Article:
If your home airport is barren of great travel deals, you should start looking elsewhere. It is just like fishing. You can only get the fish where the fish are.
Starting and Ending Points
To get good deals, you must be prepared to fly from and to airports that are not your preferred points or not from where you are based. If you live in Seattle, you may have to start off from Los Angeles, Las Vegas or San Francisco. If London Heathrow is your home airport, you will find it very challenging to bag something good. You are more likely to find palatable deals from Dublin, Munich, Berlin, Stockholm, Oslo or Helsinki. Likewise, for your return points.
Regular flyers term this as “repositioning”. Repositioning involves taking you from your base to the departure airport to start your trip, and then from the arrival airport to your destination city – and vice versa. Occasionally, if you are lucky, there is no repositioning involved. Sometimes, only one way, but sometimes both ways.
Your home airport is London Heathrow and you want to end up in Vancouver. You found a great business class fare originating from Dublin to Los Angeles, and the return journey is from Los Angeles to London Heathrow. (DUB-LAX, LAX-LHR, this type of itinerary is frequently known as open jaw.) In this example, you need to reposition yourself from London to Dublin one way, then from Los Angeles to Vancouver return.
Repositioning adds to your overall travel costs. You have to factor this into your equation. The typical frequent flyers incur minimal cost for repositioning. The reason is because they usually use their frequent flyer points to get them where they need to be, and use hotel points for overnight stays if required.
Repositioning also requires extra travelling time. You must never plan your repositioning flights to immediately connect with the main flights. If your repositioning flight is delayed, you will be on your own. The airline is not going to help you because you are flying on separate tickets. You must build in more than adequate layover hours, 4-5 hours at least. Remember, when flying on separate tickets, the airline will not check through your baggage to your final point (but you may get lucky on the rare occasion). You will have to exit the arrival terminal and check in again. All these consume time.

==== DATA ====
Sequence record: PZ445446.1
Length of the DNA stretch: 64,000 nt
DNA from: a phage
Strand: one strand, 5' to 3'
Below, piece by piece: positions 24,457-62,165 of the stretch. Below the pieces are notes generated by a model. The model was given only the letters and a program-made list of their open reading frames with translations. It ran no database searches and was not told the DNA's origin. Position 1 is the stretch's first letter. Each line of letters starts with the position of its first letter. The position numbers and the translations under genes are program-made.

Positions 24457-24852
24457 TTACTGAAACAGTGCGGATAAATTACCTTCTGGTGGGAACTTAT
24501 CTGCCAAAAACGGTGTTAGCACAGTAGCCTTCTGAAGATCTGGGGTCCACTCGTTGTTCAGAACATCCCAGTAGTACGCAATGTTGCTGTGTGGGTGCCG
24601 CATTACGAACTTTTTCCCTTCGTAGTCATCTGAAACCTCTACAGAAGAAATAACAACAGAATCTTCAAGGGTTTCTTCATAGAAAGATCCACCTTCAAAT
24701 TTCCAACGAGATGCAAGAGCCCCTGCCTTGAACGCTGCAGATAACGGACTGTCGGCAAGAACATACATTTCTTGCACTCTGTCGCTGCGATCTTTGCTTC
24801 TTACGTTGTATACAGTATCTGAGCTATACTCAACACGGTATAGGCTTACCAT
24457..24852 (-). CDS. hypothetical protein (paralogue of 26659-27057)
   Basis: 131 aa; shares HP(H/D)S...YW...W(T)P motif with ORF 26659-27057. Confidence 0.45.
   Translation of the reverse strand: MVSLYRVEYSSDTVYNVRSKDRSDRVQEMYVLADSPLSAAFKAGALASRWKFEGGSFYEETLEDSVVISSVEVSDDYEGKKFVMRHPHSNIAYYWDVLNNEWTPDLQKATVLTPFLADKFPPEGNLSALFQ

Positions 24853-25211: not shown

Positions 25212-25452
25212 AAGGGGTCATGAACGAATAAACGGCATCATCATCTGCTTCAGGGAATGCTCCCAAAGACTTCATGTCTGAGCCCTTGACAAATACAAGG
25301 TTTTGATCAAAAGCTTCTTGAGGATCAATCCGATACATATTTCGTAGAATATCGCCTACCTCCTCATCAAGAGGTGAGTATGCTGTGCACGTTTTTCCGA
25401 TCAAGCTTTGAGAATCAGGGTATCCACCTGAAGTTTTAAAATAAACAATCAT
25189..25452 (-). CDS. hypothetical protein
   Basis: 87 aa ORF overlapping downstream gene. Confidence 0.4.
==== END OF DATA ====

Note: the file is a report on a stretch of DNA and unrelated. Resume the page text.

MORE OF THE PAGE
It only makes sense if you are flying business class.
As repositioning incurs additional cost and time, you will find that it makes little sense to fly an economy deal. It is more suited for business or first class deals. To illustrate, say you bagged an economy fare for Los Angeles-London-Los Angeles for US$450, and you are based in Vancouver. You need to get to Los Angeles from Vancouver return, and if you cannot score a redemption flight, the cheapest paid return economy ticket might stretch to US$250, bringing the total to US$700 (or C$900). On a good day, you probably can get a published fare from Vancouver to London return for C$900. So, why bother with all the troubles? The situation is totally different if you scored a business class deal. The standard business class fare for Los Angeles-London-Los Angeles is in the region of US$4,500-5,000. If you scored the deal at US$1,500 business return, the repositioning cost of US$250 is insignificant. What awaits you later, principally, the lie-flat bed for 11 hours or so, will totally make up for the troubles. (Yes, make sure you choose the right aircraft type.)
Our position on repositioning: we use repositioning as the opportunity to discover a new city or to spend time at our favourite cities. We often stay overnight, or in the case of new cities, several nights. A word of advice – ensure that you have a comprehensive travel insurance to cover all eventualities.
Is it worth it? See our next installment in this series.